Observationally, 100% of strategic / transformational change programmes are expensive to set up and run, and about 70% of them fail. They run for a long time, deliver minimal tangible benefit, lose energy, begin to peter out then get cancelled.
Why are so many large organisations so terrible at the execution of transformational change? We observe shortcomings in 4 key areas which must be addressed if large scale, strategic, transformational change is to succeed.
Many organisations are better at running than changing
More bluntly, many organisations don’t know how to undertake large scale change, and make the changes stick in BAU (business as usual). The larger the transformation programme, the harder it is to shape and control the execution, and the longer it takes to embed the changes within BAU operations.
Change takes a lot more energy than run. Not everyone is willing to work harder on change – particularly when this activity is in addition to their day-to-day run work, or “side of desk” – despite what they may say at meetings and performance appraisals.
Additionally, change often requires a different set of skills to running a BAU operation. Transitioning run teams to work on change is rarely the ideal set-up for a major transformation programme.
Transformation programmes must get better at engaging BAU operational teams from the outset, ensuring the teams are aware of the nature of the programme and recognise the benefits that will be delivered:
Change involves a different mindset
From the top down a transformational change programme requires a different style of leadership:
Without this different style of leadership, the faster pace of execution that is required for successful change will slow down to a normal run speed. This will result in failure.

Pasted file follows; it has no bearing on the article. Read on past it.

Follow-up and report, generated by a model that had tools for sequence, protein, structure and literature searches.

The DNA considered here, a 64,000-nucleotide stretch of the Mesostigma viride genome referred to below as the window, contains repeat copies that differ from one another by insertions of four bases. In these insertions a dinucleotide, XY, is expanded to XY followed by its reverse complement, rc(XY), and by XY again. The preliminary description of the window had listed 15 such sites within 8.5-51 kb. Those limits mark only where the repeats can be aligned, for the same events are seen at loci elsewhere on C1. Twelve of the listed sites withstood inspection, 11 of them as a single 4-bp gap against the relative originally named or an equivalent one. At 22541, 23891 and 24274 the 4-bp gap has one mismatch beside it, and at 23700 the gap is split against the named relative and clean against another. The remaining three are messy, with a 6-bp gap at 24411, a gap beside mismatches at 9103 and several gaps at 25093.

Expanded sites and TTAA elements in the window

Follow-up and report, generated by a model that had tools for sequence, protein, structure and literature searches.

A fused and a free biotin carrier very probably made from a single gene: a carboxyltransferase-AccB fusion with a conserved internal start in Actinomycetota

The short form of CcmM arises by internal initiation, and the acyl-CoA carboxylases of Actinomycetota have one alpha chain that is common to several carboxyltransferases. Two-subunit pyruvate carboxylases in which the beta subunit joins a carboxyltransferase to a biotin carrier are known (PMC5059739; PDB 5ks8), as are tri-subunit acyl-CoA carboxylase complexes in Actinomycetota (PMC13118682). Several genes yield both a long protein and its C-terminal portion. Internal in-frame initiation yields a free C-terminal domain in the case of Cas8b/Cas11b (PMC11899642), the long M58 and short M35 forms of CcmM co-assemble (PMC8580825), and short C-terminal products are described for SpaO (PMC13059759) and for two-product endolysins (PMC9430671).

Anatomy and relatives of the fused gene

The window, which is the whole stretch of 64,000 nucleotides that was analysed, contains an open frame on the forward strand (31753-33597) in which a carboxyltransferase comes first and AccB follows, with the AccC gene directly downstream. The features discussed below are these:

All staff must feel accountable for the delivery of transformation
A poorly executed transformation programme impacts everybody in the organisation – morale and excitement for the future of the bank will drop, roles could be terminated, and there will be prolonged uncertainty on the target state operating model. High-performers may also choose to leave the organisation.
Executives in financial services have an average shelf life of about 3 - 4 years
After 3 – 4 years, executives move to a new role in a new organisation, or spend more time with their families. Many large-scale change initiatives take substantially longer than 3 – 4 years to deliver and then embed in BAU activities, despite what a business case may claim. It takes even longer to reap the benefits of these programmes.
It is not enough for senior management to take a transformation programme through to approval of a business case and then walk away. Transformation business cases need to be managed through to delivery and impact of tangible benefits. As part of a transformation programme, key metrics and KPIs must be produced, and these should be actively reported on following the conclusion of the transformation programme – tracking back to the initial business case.
Incentivising relatively short-term appointees to deliver longer term objectives is one of the hardest challenges any Chairman or CEO faces.
Working across Business and Technology, our transformation experience includes stand-up of an enterprise-wide Service Oriented Architecture (SOA) in a legacy mainframe technology estate at a global Retail Bank, re-shaping of the IT offshore operating framework at a Tier 1 Investment Bank, and a front-to-back Treasury systems implementation.
We would be delighted to discuss how Valentia could assist in transformation and strategic change.